Friday, 20 April 2018

The system is weighted against tenants, good and bad alike

Oxfordshire County Councillor Kirsten Johnson posted on Liberal Democrat Voice about the recent Housing, Communities and Local Government Committee report . (You can read the complete Commons proceedings including Clive Betts' presentation of the report here.) What I found most disturbing was the evidence that:
Citizens Advice told us that 44% of tenants said that a fear of eviction would stop them from negotiating with their landlord over disrepair. Shelter and Citizens Advice told us that they often reminded tenants about the risks of making complaints. We heard that 14% of tenants felt that they had been penalised for complaining, and more than 200,000 reported having been abused, threatened or harassed by a landlord.

It was good to hear support for the Labour chairman's report from the other side of the chamber. Bob Blackman agreed:
absolutely with every point made in the ​report. In respect of retaliatory evictions, does he agree that one issue that must be resolved is assured shorthold tenancies of six months, which are the norm for the private sector? If we extended those to three-year tenancies, that would strike a better balance between tenants and landlords.

There were some horrendous stories. Helen Hayes (Labour, Dulwich and West Norwood) recounted:
A family with very small children living in poor-quality rented accommodation in my constituency were recently evicted after they complained that the ceiling in the bathroom had collapsed over the bath shortly after they had finished bathing their children. I have no doubt that the next tenant is now living in that property, and that it is the taxpayer who is lining that landlord’s pockets by paying the rent.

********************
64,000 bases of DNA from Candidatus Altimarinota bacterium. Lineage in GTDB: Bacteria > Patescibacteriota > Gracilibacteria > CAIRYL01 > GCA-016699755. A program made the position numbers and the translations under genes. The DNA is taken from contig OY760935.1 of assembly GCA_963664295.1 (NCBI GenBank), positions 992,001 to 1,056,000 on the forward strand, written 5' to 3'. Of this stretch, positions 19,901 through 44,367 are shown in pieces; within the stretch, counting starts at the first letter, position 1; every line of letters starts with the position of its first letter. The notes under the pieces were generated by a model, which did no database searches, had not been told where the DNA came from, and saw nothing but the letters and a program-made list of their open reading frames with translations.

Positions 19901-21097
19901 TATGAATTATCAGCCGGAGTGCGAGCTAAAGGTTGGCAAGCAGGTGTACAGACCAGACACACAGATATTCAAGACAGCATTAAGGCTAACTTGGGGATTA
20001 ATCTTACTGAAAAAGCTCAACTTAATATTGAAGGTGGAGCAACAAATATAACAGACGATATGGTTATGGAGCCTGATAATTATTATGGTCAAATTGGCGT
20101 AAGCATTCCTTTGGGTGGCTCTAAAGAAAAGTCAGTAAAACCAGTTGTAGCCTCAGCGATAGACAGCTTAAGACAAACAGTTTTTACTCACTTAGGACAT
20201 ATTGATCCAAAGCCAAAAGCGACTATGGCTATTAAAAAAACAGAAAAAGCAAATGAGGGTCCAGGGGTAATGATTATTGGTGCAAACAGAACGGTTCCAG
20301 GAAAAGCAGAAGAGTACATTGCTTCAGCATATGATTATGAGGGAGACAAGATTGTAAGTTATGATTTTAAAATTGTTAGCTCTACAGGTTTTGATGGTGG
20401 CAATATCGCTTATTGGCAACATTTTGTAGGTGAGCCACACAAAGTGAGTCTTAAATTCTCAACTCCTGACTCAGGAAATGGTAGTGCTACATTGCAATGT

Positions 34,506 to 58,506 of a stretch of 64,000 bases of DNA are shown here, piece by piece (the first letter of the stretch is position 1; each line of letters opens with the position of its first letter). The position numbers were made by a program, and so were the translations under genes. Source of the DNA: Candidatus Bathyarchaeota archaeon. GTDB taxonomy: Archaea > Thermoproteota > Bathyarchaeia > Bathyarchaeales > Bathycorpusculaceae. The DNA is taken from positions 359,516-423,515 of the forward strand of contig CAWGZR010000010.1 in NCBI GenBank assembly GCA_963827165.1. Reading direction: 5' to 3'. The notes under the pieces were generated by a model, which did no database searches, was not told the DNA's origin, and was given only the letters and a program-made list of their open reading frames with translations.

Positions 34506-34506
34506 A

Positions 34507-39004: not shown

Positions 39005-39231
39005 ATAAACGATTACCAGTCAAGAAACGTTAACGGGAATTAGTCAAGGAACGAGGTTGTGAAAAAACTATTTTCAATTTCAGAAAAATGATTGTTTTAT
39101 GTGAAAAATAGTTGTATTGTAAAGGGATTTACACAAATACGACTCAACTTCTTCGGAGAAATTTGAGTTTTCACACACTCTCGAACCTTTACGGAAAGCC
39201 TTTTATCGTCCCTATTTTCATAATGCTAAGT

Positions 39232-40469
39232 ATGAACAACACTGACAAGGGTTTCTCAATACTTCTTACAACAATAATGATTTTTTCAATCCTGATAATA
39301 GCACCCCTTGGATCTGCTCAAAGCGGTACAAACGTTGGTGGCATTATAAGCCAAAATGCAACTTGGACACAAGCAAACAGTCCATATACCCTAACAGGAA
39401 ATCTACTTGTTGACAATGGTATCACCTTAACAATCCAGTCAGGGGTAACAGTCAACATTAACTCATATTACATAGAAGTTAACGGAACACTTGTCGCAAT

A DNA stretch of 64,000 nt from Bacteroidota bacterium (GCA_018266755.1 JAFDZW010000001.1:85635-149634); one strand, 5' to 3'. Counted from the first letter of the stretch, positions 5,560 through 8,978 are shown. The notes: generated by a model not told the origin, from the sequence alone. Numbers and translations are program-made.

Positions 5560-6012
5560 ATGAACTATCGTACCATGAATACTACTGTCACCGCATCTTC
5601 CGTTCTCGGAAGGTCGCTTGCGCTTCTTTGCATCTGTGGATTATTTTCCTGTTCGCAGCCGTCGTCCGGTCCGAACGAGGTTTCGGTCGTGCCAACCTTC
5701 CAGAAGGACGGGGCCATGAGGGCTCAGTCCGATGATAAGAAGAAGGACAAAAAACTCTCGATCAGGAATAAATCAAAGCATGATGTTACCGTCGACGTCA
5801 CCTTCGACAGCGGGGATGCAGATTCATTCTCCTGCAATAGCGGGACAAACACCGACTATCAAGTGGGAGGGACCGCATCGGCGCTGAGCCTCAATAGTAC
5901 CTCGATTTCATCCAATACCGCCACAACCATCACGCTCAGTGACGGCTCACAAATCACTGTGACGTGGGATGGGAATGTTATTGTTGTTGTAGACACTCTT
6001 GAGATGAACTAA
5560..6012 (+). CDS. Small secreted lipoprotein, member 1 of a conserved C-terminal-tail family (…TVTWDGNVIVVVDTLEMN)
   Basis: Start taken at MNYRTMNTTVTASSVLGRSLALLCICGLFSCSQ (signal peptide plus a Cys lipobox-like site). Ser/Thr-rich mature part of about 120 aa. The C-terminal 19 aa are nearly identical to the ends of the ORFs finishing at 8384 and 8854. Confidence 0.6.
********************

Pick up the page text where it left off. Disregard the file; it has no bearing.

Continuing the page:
Kirsten Johnson welcomes the report’s recommendations:

Tenants need greater legal protections from retaliatory eviction, rent increases and harassment. For example, the Deregulation Act could be strengthened to give greater protections to tenants after they make a complaint about conditions in their homes.

The establishment of a new fund to support local authorities to undertake informal enforcement activities.

The introduction of new ways of informing tenants and landlords of their rights and responsibilities.

A requirement for local authorities to publish their enforcement strategies online.

A review of legislation relating to the private rented sector aimed at bringing more clarity for tenants, landlords and local authorities.

She concludes:
It is as we protect the most vulnerable in our society that we strengthen the fabric which sustains our communities. We have good policy in this area, and I hope we can push Government to adopt these recommendations.

(The Deregulation Act referred to incorporates provisions against retaliatory eviction inspired by a private member's Bill - the Tenancies (Reform) Bill - proposed by Liberal Democrat Sarah Teather which was talked out by a bevy of Conservatives with interests in rented property. There is more here.)

All the reforms to the law will be of no effect unless there is equality of arms before the law. As this study for Shelter by the Universities of Kent and Bristol points out:

The decline of legal aid has had two particular effects. First, in indiviual cases, legal aid has largely disappeared. This has particularly been the case in disrepair matters. Claims for damages based on disrepair matters are only within scope for legal aid if thee is a serious risk of harm to health. […] Secondly, the decline of legal aid for housing has led to “advice deserts”. In some areas of the country, there is a dearth of solicitors with housing contracts for legal aid. This is an unsustainable position. Telephone advice, which is the first port of call for many, is a poor substitute for face-to-face provision by an expert in housing law. This is most particularly because […] the law is complex and uncertain.

Finally, I should state for the record that I may not be the best of tenants but I have a very good landlord.

No comments: